A friend commented on Facebook: “Why are there so many ignorant people?” The comment reflected the friend’s obvious frustration in trying to understand why so many people behave stupidly and say crazy things in response to George Zimmerman being found not-guilty by a jury. The friend’s comment reflected a deeply felt emotion.
As I looked through the many comments that followed, I noticed that most of them were emotional statements. In fact, almost all of them were passionate expressions of one sort or another.
First of all, all humans are ignorant, even the wisest among us. We all are capable of demonstrating our ignorance, behaving stupidly, and saying crazy things. It is our nature (and our nurture) to form opinions and attitudes emotionally, then to act in response to these feelings, without thinking. Once these attitudes are formed, it is often difficult for us to change our minds. We become emotionally invested in our ideas and opinions.
We form this habit of emotional ideation early in life because we lack the knowledge or experience to form our opinions rationally. With maturity, we should learn to question, even analyze our opinions and attitudes, and their emotional basis, before we act, speak, or make important decisions. Unfortunately, we don’t always do this. Some among us almost never do this and it becomes a habit or a way of life, often with tragic consequences.
Ironically, responding to danger emotionally without much thought usually protects animals and helps them survive. Likewise early hominid hunter-gatherers lived in a world that required a quick response to danger without much time for meditation. Responding emotionally is not so helpful for modern humans living in complex societies. But, this is how we are wired.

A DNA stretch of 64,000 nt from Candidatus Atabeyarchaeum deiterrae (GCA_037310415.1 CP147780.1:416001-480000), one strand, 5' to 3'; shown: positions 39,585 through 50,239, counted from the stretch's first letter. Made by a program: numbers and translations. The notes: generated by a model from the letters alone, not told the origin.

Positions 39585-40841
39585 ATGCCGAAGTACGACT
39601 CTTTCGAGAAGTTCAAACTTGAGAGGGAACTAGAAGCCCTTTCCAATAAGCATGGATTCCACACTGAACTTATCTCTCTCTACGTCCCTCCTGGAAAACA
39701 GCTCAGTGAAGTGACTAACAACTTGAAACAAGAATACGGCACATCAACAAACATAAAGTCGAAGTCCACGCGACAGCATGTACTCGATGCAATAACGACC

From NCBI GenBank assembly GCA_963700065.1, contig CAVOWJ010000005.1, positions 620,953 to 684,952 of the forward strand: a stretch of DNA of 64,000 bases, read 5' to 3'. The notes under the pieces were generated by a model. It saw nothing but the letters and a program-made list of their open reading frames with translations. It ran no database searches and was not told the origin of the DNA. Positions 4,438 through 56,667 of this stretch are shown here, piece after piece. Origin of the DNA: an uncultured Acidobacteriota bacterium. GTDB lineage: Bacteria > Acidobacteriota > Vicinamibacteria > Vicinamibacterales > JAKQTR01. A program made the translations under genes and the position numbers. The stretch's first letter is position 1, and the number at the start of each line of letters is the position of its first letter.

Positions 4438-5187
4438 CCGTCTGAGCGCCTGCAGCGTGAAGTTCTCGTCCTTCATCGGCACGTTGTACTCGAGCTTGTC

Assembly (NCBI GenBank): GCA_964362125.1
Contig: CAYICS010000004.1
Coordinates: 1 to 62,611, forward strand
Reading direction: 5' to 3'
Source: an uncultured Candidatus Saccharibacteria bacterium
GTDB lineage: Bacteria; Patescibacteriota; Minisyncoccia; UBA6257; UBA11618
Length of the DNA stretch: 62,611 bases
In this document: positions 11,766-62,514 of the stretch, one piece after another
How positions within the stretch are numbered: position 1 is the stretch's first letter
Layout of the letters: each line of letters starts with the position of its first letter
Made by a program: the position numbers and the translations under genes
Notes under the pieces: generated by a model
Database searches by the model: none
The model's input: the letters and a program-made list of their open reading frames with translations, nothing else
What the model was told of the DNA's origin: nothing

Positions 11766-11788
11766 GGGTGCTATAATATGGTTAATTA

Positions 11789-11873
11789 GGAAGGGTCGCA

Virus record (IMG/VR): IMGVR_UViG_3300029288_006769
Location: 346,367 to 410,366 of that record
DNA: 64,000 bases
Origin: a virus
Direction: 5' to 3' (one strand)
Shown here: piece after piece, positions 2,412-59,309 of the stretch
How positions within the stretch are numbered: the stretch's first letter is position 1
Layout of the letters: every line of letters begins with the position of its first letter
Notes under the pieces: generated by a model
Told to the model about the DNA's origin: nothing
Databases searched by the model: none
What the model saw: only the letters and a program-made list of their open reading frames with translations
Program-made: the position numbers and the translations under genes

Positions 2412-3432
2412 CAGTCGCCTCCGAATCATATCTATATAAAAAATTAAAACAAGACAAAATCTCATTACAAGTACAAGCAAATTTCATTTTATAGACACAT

We also suffer from confirmation bias. We tend to form our opinions based upon our feelings, and then we pay great attention to the supporting evidence while discounting or completely ignoring that which would change our minds. We fool ourselves into believing we are behaving rationally. We often remain firmly attached to these attitudes and opinions, and thoroughly invested in them.
If we find ourselves getting angry when we observe crazy behavior in others, or when an idea of ours is challenged, we should suspect that we are victims of confirmation bias. The anger reveals the emotional foundation of our position. This does not mean we are wrong, necessarily.
It is my impression that some people gravitate into positions of authority where their opinions and decisions are not subject to questioning by those they consider their subordinates. They surround themselves with people who learn not to challenge their authority. They do not seem to think it is necessary to explain themselves. Unfortunately, we see this among many in leadership roles in all walks of life.
Passion is another dimension to our emotional lives, and it is a wonderful aspect of our character and a source of our humanity. Passion without rationality is madness. Passion without rationality in authority is tyrannical.
Yes, we are all ignorant or we are just ignoring our God given wisdom because it is so much easier to just emote?